218-647-8652

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Surface Tension    265
Surface Tension

Successful crappie spawning and survival is complicating. How does winter effect crappie fry mortality?

We need a Red lake Rally Monkey. Come on baby crappies.

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curt quesnell    304
curt quesnell

Scott

The Crappies are natural, not stocked it
was just a huge hatch that beat the odds
and survived to whopperness.

Other DNR news today. In 2003 there will
be another batch of Walleye stocked in Red
Lake. Everything is going well but the
new females are not old enough to provide
a decent year class yet. This may be a
few years away. This will be the 3rd ?
stocking, they want to have lots of new
females entering the reproduction pool and
doing well. Very positive news.

Curt Quesnell

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kelly-p    283
kelly-p

It has been my understanding that the crappies were stocked in 1948.

------------------
Waskish Minnow Station
218-647-8652

[This message has been edited by kelly-p (edited 12-20-2002).]

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halad    5
halad

I think the same thing ate those little crappies that ate the perch. What a shame all those perch that are just left on the ice to rot. Going fishing now 0600 maybe do something different tonight.

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Lowe    0
Lowe

I think the size of the crappie fry over the winter months is crucial because of several factors - food and predation. Seeing as how YOY crappies feed on freshwater shrimp and other small crustaceans/invertebrates, critters that are more plentiful in the warmer months, lack of food may be a major issue by the time late spring rolls around. Being bigger going into the winter months helps get them through to the spring.

Also, smaller YOY crappies are probably a secondary food source for young walleyes and perch - until their other food sources are exhausted. Just a couple of theories, since large lake fisheries biology isn't really my specialty. Alaskader/Crappie Chaser? Opinions?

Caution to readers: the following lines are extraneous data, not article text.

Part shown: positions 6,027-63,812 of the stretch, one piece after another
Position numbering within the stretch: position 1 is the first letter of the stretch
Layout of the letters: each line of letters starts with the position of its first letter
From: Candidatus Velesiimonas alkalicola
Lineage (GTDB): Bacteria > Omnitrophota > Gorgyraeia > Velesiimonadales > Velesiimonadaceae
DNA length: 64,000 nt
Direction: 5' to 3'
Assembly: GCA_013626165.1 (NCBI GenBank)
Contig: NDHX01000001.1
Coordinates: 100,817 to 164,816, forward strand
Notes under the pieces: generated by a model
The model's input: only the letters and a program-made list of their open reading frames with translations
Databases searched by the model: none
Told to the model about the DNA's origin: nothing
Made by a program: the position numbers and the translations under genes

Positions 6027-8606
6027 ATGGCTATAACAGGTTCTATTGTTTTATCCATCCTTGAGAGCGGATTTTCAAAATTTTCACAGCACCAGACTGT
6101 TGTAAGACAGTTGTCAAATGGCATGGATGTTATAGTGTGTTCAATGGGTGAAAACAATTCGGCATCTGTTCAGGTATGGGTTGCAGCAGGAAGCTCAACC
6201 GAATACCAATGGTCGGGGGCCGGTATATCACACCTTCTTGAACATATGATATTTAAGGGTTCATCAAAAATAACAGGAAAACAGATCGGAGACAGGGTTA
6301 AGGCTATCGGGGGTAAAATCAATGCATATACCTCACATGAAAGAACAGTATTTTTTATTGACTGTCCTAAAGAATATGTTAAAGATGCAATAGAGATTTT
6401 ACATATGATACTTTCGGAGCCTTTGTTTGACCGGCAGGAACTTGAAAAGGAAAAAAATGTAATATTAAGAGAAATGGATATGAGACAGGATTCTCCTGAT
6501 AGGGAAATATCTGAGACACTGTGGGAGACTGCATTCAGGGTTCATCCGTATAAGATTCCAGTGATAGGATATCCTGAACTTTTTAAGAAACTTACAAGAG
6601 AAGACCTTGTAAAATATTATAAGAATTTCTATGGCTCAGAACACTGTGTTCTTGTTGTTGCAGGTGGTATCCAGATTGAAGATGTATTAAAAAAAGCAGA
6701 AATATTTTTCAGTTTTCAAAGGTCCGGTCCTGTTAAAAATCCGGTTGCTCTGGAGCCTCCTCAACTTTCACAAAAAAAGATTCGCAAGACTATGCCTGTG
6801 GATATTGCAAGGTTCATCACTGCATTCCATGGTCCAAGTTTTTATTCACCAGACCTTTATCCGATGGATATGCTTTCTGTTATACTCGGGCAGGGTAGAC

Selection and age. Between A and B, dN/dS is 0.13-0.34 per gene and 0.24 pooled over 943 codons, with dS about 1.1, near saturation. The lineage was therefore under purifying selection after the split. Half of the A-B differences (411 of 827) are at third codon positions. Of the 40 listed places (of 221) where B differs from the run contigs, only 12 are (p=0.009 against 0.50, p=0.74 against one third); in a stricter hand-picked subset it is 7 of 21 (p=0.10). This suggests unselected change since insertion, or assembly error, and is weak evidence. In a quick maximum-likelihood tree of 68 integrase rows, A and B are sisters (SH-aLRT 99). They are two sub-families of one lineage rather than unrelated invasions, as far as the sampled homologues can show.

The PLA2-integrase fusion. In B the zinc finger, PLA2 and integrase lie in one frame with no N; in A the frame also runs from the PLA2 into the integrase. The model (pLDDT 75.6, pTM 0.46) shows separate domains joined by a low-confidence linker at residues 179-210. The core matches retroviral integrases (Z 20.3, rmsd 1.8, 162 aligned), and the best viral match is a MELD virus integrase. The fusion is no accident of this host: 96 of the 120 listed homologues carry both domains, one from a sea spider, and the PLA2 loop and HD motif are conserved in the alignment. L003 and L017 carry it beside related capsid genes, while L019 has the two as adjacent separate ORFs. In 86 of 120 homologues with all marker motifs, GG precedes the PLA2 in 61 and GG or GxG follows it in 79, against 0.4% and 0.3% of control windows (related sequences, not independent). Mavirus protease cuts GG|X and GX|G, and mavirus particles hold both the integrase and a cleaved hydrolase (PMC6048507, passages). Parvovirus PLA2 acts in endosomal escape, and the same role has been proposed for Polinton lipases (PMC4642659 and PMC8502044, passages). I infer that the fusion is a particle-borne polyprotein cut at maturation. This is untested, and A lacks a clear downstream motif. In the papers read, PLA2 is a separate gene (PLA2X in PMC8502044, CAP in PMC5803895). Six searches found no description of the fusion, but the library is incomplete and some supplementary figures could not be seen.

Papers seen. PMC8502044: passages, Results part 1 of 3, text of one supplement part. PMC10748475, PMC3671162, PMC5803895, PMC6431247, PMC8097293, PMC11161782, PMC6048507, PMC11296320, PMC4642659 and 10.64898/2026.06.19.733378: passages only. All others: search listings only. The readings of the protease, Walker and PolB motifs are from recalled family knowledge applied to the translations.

Still sounds like good news though.

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I guess I didn't make that very clear, That was a joke. All you have to do is look at the shoreline that surrounds Red and you can see that it has miles and miles or perfect crappie spawning area. I know that the 1995 class wasn't stocked. I just had to pick on the few that think after that 1995 class is gone the crappies will be gone. I have to go hang my crappie stocking over the fireplace now. I was a really good boy this year!!! Scott Steil

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curt quesnell    304
curt quesnell

Kelly,

1948? Wow, looks like it took!

Curt

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Guest

So the DNR says that the Crappies from 01' didn't survive...And they know this is a fact because they didn't catch any in their nets. If the DNR didn't catch any Crappies from the 01' spawn, and they say none of them survived, then it must be gospel, right?

The natural die off is Mother Nature's natural population control. It will happen regardless.

How many years has this big "Crappie Bonanza" been going on?

Fish migration is our best friend, with Crappies coming from the west side, and even venturing from LRL.

(now lets see how much I get picked on)

PCG grin.gif

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jigglestick    0
jigglestick

well my educated guess is that with the water still murky, it is just that much harder for the fish to find the bait. i would say the flasher the lure(silver and maybe gold or white in the day time a.m. being best. in the evening, or after dark, i would use the brightest glow lures with small shiners i could find. green, (blue sucks), red , orange, pink, yellow, or white. any thing that will hold the flash. and charge them up often. if you can see fish on the flasher and they seem interested but won't take the bait, try them little power nuggets on smaller(#6 glow hooks) would be my 1st choice. if they still don't take it try plain hook with the power nibbles.
now if you get fish, say one or two from one spot, right away, then nothing, drill more holes 30- 40- 50 feet away, and try it again. if it works, and you get another one or two, then nothing, just keep repeating the process. if you aren't getting fish, then you should be moving any how.
if this seems like to much work, you can allways head in to west wind and have drinks, and ask every one else how the fishing is. at least you'll be warm.
the last part of last season showed no sign of slowing down. most people were hammering them. even after vehicle traffic stopped, and we had to take 4 wheelers, or walk. this past summer didn't even put a nick in them. my guess is we are just waiting for the water to clear up a little more. we didn't get into the fish real good til after the first of the year last season.
the fish are there. the fish will come flying out the holes just like they did.
these views are not necessarily my views, as i am of split personality, and can be often times seen arguing with myself. good fishing. i will be up there soon.

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keep your stick on the ice!---jigglestick---